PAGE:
Even if it's wildly unlikely, many critics in the Survey seemed very nervous about about being held to an opinion they might tweet a few minutes after a screening and then abandon when they write their review. Personally, I think putting yourself out there like that is part of the fun of the job. But even so: why can't a critic revise an opinion? A really intense initial response and a more muted attitude six months later are both perfect valid readings -- and they're not mutually exclusive either. If we wait too long for our "final" opinion to form, it may never happen; sometimes I think critics are waiting for others to make up their minds before they make up theirs, and at that point we're all just speaking with the benefit of hindsight. If criticism is in any way a form of journalism, then timeliness is not a bad thing -- and neither is Twitter.
Argument #2: If you tweet your opinion, people will have no reason to read your review
God, I hope this isn't true. Maybe it is. But in my experience, if you think you don't need to read a critic's review after you've seen their tweets, then they're either not a very good critic or not a very good Twitterer. I want both tweets and reviews from the critics I follow, not either/or. I look at tweets as if they're teasers for the feature presentation that is the main review.
It's funny that Dana Stevens says that writers should save their witticisms for their reviews. I look at it totally differently. If I am working on a line for a review, I often tweet it out to see what kind of response it gets. If people retweet it and favorite it, then I know I've got something good. If it drops like an anvil, I know I need to try something else.
Most days, I work from my home, alone. I have no co-workers to bounce ideas off of, and no editor looking over my shoulder. I kind of use Twitter to fill both those roles: when I want to hash something out, I bring it to the hive mind; when I want to check if something's working, I ask for feedback. I honestly believe Twitter enhances my finished reviews, rather than drives people away from them.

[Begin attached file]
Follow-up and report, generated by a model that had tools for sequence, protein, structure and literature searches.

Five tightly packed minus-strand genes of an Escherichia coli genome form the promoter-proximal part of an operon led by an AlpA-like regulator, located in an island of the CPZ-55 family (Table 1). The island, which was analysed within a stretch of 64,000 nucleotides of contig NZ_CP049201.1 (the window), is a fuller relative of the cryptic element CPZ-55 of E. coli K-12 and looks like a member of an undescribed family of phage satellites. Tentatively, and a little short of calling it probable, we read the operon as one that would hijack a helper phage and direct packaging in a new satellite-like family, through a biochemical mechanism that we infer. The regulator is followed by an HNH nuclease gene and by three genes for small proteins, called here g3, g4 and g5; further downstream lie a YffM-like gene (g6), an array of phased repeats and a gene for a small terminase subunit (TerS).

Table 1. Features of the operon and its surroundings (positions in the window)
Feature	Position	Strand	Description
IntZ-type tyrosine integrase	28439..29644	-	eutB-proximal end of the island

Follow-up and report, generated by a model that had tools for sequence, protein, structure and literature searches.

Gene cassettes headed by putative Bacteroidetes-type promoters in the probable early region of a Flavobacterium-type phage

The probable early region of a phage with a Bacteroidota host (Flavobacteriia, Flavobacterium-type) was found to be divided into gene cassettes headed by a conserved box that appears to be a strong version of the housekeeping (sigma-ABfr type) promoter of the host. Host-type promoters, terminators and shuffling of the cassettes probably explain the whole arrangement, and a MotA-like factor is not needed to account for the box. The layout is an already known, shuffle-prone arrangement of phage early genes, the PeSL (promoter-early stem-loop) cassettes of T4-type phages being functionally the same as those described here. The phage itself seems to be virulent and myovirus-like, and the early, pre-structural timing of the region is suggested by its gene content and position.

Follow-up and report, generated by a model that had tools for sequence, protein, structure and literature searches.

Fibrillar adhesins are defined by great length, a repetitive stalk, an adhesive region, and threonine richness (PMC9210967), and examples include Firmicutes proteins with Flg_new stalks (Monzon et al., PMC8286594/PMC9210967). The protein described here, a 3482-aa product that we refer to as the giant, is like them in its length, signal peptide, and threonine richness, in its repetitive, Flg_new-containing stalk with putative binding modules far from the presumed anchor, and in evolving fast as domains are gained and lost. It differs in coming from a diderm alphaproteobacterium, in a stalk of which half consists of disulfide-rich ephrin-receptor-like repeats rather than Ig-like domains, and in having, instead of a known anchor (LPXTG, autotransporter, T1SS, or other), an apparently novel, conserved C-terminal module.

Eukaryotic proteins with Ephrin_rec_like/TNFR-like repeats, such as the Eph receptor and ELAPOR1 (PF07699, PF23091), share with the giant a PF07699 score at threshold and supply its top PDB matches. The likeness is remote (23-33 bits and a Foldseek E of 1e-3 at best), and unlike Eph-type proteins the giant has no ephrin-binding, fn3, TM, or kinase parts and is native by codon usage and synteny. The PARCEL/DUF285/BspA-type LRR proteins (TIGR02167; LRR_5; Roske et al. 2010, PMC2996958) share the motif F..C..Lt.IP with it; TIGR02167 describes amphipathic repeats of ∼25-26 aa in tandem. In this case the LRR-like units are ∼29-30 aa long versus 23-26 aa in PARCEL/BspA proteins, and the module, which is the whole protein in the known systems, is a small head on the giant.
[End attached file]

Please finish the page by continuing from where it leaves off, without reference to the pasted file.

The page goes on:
Argument #3: Movies take years to produce; your reactions shouldn't take seconds
As you might have guessed from my introduction, this is the argument I find most persuasive. I think critics are sometimes willfully blind to the amount of effort that goes into even the worst, hackiest movies. If someone poured a decade of their life into something, you owe it to them to consider it thoughtfully and honestly. And some movies, like maybe "Upstream Color," are too ambitious to sum up in 140 characters.
On the other hand, effort does not equal quality. It is a sad fact that sometimes movies that were the hardest to make are also the worst ones to watch. It's also worth noting that audiences share no such sensitivity to the feelings of the director. They pay their $15, and when they walk out of the theater, they start talking about it. They don't wait to decide how they feel based on how hard it was for the director to make it. Good people with good intentions make bad art all the time.
Argument #4: Tweeting creates "false" expectations and clouds critical judgment
This is the inverse of Argument #1. There critics need time to form their opinions. Here, time is the enemy: people tweet and that creates these expectations which then have to be met in some ways by the viewers that follow. Before the vast majority of audiences can see a movie, the well has already been poisoned -- they've been told what to think and they're conditioned to respond in a certain way.
I'm sure there are ways in which talk on Twitter can predispose a viewer to feel a certain way about a movie; but let's be honest -- any critic who decides how they feel about something based on what they see on Twitter about it is probably not one worth investing too much time in.
All of these arguments may all come down to a fundamental disagreement about what criticism is. The anti-Twitter camp prefer criticism as a solitary act: one writer, wrestling their thoughts onto paper and releasing it into the world. And there's definitely value in that approach. Growing up on a steady diet of "Siskel & Ebert," maybe I just think of this stuff in more conversational terms, and working in relative isolation like I do, maybe I'm just a bit more hungry to start a conversation myself, and to hear what other people have to say as we travel together through that social media stream. That's why I'm going to keep tweeting.